#### IEEE 754 Addition of two 32-bit floating point numbers (-1 and 2^(-50) )

Consider the following piece of C++ Code:

``````#include <iostream>
#include <cmath>

using namespace std;

int main()
{
cout.precision(1000000000);

float a,b,c;

a = 1;
b = -1;
c = pow(2, -50);

cout << "a = " << a << endl;
cout << "b = " << b << endl;
cout << "c = " << c << endl;

float ab = a + b;
float bc = b + c;
float abc = ab + c;
float bca = bc + a;

cout << "a + b = " << ab << endl;
cout << "b + c = " << bc << endl;
cout << "(a + b) + c = " << abc << endl;
cout << "(b + c) + a = " << bca << endl;

return 0;
}
``````

Which yields the output:

``````a = 1
b = -1
c = 8.8817841970012523233890533447265625e-16
a + b = 0
b + c = -1
(a + b) + c = 8.8817841970012523233890533447265625e-16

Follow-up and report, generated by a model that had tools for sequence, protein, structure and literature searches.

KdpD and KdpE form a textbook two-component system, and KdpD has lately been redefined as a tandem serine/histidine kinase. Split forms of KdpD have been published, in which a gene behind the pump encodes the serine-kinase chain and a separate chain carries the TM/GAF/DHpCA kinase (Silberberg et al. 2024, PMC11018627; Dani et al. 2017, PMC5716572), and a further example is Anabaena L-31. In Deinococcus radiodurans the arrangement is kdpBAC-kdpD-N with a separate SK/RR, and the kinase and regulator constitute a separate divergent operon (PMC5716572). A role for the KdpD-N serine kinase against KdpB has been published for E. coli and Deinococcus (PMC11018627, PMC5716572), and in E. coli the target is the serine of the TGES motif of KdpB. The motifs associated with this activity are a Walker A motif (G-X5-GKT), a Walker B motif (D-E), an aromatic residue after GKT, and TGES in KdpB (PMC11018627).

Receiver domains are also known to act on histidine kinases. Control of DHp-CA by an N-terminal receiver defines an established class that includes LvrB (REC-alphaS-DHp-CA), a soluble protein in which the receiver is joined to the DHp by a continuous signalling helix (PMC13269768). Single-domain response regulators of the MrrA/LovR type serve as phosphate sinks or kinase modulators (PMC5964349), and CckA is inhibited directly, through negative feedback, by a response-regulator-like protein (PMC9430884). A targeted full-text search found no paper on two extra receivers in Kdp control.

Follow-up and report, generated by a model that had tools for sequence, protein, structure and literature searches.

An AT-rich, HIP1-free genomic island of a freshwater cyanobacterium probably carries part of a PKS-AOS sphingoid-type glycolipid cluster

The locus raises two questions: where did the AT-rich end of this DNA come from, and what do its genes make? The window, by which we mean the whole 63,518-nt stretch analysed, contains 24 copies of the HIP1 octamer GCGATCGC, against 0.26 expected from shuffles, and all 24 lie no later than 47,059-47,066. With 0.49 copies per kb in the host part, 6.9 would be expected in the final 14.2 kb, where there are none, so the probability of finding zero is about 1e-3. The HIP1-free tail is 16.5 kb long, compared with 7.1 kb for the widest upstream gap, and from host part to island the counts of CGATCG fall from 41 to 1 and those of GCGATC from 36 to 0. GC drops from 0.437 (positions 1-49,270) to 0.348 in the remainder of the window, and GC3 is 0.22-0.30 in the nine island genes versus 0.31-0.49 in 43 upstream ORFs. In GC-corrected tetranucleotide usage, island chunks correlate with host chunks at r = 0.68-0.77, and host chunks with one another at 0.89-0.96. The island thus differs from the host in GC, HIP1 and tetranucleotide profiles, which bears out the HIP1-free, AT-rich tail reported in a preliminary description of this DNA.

(b + c) + a = 0
``````

Why is b + c = -1?

I am not getting my head around this effect of the IEEE 754 standard.

To my understanding the exponent ranges from -126 to 127. (8 bit for the biased exponent with a bias of 127.)

So 2^(-50) is representable without an issue as is 1 or -1. Neither of them are subnormal (denormalized) numbers, if I understand the standard correctly.

But why does the addition of -1 + 2^(-50) result in -1, thus the smaller number being neglected?

Thanks in advance for any help!

Source: Windows Questions C++